Bentley's Bandstand: Bill Kirchen's Word to the Wise

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Bill Kirchen, Word To The Wise, Proper American

Just when it seems like every guest artist album has been made, and are even starting to drift into the area of gags—what’s next, Paul Anka and Axl Rose sing the songs of Sesame Street? Leave it to master stringbender Bill Kirchen to wipe the slate clean and come up with an intriguingly irresistible collection.

Part of the allure of Word To The Wise is that it isn’t over the top; that is, much of the set’s strength can be traced directly to Kirchen himself on songs like “Bump Wood,” “Time will Tell the Story” and “Arkansas Diamond,” where the Titan of the Telecaster lets his electric guitar fly and his voice roll like an emotional Peterbilt right over the soul. This man has poetry in him, not to mention a little red book right out of rock & roll’s central casting office.

Check this action. Singers Nick Lowe and Paul Carrack team up on Merle Haggard’s “Shelly’s Winter Love” to break the heart into 3,264 pieces, and then sell them for driftwood when the duo is done. Elvis Costello ties himself into a pretzel, along with help from Bill Kirchen guitaristics on “Man at the Bottom of the Well,” while this album’s bandleader’s original bandlander Commander Cody (of Lost Planet Airmen renown) fries “I Don’t Work that Cheap” into big greasy slabs. One of the original Berkeley “cowpie” conglomerations, Asleep at the Wheel, featured absolutely alluring lead vocalist Chris O’Connell, who returns now to stop time, turn on the teardrop facet, watch the couple go into cardiac arrest and stick around to tie the toe tags on Roger Miller’s “Husbands and Wives.” Seriously, that’s how devastating this song done by her and Kirchen is here. You’ll never think of two lovers breaking up the same ever again.

Former fellow Airman Kevin “Blackie” Ferrell steps to the vocal mic for the first time on his own “Open Range” to scare the snakes right out from under the rocks, and possibly prove he’s tough enough to be immune to water moccasin venom anyway. A classic chillbumper for those prone to fear and nightmare nostalgia. Next up is San Francisco’s original psychedelic musical prankster, Dan Hicks, who co-founded the Charlatans and set the whole circus in motion 45 years ago. On the title song he and Kirchen are up to Hick’s old tricks, mixing humor and heartbreak like only these veterans really can. Another original visionary troupe, Jim Kweskin’s Jug Band, spotlighted Maria D’Amato, who soon married Geoff Muldaur and got on with a stellar duo and solo career that continues brightly to this day.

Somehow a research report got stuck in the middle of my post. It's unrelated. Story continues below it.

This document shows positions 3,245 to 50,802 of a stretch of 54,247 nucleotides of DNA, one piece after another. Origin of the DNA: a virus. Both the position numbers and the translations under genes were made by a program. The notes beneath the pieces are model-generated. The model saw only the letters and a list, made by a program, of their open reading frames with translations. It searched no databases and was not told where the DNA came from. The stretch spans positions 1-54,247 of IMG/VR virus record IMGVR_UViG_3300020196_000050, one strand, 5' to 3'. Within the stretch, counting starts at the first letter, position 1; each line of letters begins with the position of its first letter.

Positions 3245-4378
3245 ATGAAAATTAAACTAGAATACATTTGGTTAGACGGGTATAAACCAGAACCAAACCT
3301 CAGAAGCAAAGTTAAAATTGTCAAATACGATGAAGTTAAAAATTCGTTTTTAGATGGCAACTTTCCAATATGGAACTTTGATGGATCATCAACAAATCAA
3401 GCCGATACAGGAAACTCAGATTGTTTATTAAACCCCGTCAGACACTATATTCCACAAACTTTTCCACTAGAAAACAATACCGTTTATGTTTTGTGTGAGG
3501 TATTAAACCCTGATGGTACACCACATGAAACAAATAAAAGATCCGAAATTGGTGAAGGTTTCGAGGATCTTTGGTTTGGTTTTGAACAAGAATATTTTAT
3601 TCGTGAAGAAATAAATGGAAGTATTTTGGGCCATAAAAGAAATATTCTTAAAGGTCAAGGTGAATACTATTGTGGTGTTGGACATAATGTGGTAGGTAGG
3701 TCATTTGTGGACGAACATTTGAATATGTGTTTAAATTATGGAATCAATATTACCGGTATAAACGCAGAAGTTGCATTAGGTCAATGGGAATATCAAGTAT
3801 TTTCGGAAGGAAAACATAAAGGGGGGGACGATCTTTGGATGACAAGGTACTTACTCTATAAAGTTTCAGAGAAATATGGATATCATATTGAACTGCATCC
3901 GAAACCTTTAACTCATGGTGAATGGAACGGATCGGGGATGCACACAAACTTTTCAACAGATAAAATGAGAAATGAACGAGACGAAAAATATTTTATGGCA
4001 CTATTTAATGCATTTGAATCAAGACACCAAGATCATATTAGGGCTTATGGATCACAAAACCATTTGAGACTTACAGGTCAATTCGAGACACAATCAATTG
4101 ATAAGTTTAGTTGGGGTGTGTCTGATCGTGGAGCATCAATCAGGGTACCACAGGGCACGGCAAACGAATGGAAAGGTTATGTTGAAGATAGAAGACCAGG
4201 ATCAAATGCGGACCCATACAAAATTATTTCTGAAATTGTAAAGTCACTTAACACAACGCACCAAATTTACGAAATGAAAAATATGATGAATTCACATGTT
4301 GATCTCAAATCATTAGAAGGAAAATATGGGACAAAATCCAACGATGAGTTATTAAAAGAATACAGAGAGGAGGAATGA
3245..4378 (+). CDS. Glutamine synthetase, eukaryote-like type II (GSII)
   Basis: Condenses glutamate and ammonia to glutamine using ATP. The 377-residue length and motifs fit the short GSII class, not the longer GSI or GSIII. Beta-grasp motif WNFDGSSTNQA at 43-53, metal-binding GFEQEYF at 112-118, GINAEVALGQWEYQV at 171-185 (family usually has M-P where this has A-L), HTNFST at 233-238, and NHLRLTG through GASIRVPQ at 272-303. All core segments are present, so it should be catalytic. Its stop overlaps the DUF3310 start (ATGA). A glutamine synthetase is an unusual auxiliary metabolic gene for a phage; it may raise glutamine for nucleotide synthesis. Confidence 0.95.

“Ain’t Got Time for the Blues” lets Ms. Muldaur turn on her lovepipes in all their sultry glory, letting us in on one of today’s true treasures. And as all fine things must do, the album ends with the sad end of harmonica-ace Norton Buffalo’s shining life. Let it be said Buffalo blew long and strong, gracing countless recordings and bandstands, and wraps things up somewhat on “Valley of the Moon” with old friend Kirchen for a happy tale of salvation and understanding.

In a crowded world of endless marketing, shameless promotion and, finally, circular logic, Bill Kirchen steps outside the hurricane and hones in on good friends, wild memories and fine, fine music. It’s what brought him here today, and no doubt will take all these fellow travelers to tomorrow. Sign up now.

Bill Bentley is a writer, musician, publicist, record producer and A&R director. He once played drums with Lightnin’ Hopkins.

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About Karen Young

Karen Young is the founder of My Daily Find.

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